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  4. lewish says:

    Well, as a Mariners fan I won’t look to the AFL as an escape for my pain.

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  5. LaLoosh says:

    will the real Nick Ahmed please stand up?

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  6. Andrew says:

    You want a really fun, and moderately relevant stat. Austin Hedges is throwing out roughly 64% of base stealers in the AFL, while all other catchers are throwing out roughly 26%.

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  7. KS says:

    Holy crap, when was the last time the Orioles had two hitting prospects in the top four on ANY list that wasn’t about draft busts??!!

    (Probably not since Don Baylor and Bobby Grich were in the system.)

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  8. MLB Rainmaker says:

    It may be the way your SCOUT+ stat values Ks vs. BBs for batters, but Kris Bryant really needs to be on this list somehow. He’s sitting at 46 total bases, compared to 30 for the next closest hitter and continues to rake. He’s riding a 7 game hit streak including homers in each of the last two games — at 21 that’s pretty notable stuff.

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    • What you say with regard to Ks (in particular) is all it is. They stabilize more quickly. The home runs, less so. That’s not to say Bryant’s power isn’t prodigious, of course. The regression just pulls it back in such a small sample.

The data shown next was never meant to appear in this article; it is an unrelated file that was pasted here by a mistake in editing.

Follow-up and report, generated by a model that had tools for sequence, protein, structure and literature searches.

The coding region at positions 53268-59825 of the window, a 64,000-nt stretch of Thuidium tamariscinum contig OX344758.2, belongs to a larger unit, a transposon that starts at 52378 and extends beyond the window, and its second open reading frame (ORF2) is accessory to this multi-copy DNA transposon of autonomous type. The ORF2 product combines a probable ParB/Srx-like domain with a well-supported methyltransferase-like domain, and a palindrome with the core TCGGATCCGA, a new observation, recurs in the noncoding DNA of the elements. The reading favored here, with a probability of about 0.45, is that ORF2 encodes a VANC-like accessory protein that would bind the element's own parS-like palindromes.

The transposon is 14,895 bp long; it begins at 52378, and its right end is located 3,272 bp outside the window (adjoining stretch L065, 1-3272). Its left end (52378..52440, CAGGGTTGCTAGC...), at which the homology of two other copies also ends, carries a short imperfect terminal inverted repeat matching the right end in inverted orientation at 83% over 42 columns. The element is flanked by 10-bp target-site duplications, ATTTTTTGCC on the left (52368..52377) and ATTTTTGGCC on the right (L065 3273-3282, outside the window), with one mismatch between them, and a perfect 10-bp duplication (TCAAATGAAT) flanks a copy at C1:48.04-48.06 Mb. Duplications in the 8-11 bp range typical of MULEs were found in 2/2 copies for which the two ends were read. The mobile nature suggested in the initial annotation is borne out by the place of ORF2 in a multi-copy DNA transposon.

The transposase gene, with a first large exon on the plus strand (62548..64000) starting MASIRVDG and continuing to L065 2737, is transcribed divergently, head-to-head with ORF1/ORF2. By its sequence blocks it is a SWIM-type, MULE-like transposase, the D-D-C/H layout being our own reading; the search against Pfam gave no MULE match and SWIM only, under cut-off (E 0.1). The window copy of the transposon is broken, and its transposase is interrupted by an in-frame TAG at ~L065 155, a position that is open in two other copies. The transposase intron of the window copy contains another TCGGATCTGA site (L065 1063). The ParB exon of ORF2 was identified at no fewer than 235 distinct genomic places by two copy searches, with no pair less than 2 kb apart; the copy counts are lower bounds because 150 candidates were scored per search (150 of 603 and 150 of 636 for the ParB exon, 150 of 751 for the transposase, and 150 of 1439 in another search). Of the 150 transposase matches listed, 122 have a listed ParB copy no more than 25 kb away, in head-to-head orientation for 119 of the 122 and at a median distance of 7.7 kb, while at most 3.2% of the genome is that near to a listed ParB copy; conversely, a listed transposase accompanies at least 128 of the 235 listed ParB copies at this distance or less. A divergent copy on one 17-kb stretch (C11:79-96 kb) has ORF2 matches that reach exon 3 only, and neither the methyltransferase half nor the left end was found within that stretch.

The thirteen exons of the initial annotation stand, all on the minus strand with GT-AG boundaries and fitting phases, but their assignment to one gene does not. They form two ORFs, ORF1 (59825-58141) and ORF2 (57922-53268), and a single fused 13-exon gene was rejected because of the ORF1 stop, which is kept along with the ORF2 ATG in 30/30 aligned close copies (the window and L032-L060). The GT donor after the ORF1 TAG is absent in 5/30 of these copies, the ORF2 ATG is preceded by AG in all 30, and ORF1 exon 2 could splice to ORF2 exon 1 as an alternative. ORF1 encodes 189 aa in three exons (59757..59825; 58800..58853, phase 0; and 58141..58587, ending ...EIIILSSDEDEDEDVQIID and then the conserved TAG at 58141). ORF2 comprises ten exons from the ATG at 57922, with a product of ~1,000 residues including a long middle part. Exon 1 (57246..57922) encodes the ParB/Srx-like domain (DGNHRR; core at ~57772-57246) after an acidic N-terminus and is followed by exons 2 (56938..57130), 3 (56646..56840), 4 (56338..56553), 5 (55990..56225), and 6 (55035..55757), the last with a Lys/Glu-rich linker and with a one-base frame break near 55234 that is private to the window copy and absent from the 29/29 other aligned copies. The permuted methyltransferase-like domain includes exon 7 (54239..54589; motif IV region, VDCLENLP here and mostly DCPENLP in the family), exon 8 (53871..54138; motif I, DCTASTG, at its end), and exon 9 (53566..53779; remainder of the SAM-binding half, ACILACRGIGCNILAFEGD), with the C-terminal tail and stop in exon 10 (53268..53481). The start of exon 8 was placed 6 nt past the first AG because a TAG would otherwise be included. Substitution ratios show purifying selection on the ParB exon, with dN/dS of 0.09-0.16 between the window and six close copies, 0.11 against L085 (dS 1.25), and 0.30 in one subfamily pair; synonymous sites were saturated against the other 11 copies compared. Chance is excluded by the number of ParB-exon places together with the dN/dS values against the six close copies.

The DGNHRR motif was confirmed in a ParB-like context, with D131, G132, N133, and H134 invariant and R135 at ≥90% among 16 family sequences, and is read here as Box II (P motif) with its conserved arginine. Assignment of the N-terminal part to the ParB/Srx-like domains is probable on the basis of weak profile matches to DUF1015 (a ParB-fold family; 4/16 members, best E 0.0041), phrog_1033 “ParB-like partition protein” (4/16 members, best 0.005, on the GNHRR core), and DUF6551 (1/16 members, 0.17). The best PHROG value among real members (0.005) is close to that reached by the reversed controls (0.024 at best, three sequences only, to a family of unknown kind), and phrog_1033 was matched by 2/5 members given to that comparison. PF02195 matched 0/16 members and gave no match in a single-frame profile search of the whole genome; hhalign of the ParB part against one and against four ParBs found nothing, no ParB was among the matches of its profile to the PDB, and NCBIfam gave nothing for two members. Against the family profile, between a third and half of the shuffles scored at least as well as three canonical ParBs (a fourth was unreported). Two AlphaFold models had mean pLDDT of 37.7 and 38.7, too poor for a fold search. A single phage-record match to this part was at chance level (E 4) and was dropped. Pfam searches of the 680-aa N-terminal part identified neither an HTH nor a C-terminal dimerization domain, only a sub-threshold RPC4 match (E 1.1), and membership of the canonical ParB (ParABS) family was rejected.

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  9. Jeremy says:

    Kris Bryant is like slugging .900.

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  10. doug K says:

    I am in Arizona and going to a Fall League game almost every day. Without a doubt LaStella has been very impressive here for his contact bat and eye. But Kris Bryant is the story of the Fall League right now as he is just mashing away seeing pitch after pitch from that wide stance. The AFL version of Big Papi.

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    • If Bryant looks impressive, then I’m entirely inclined to believe it. The home runs don’t show up in these calculations as quickly because there’s more regression there. Strikeouts stabilize much more quickly, and Bryant has been doing that about a standard deviation more frequently than the AFL average.

      Like I say, though, if the power is continuing to look excellent (as it seem to have before the AFL) then that’s obviously not something to ignore.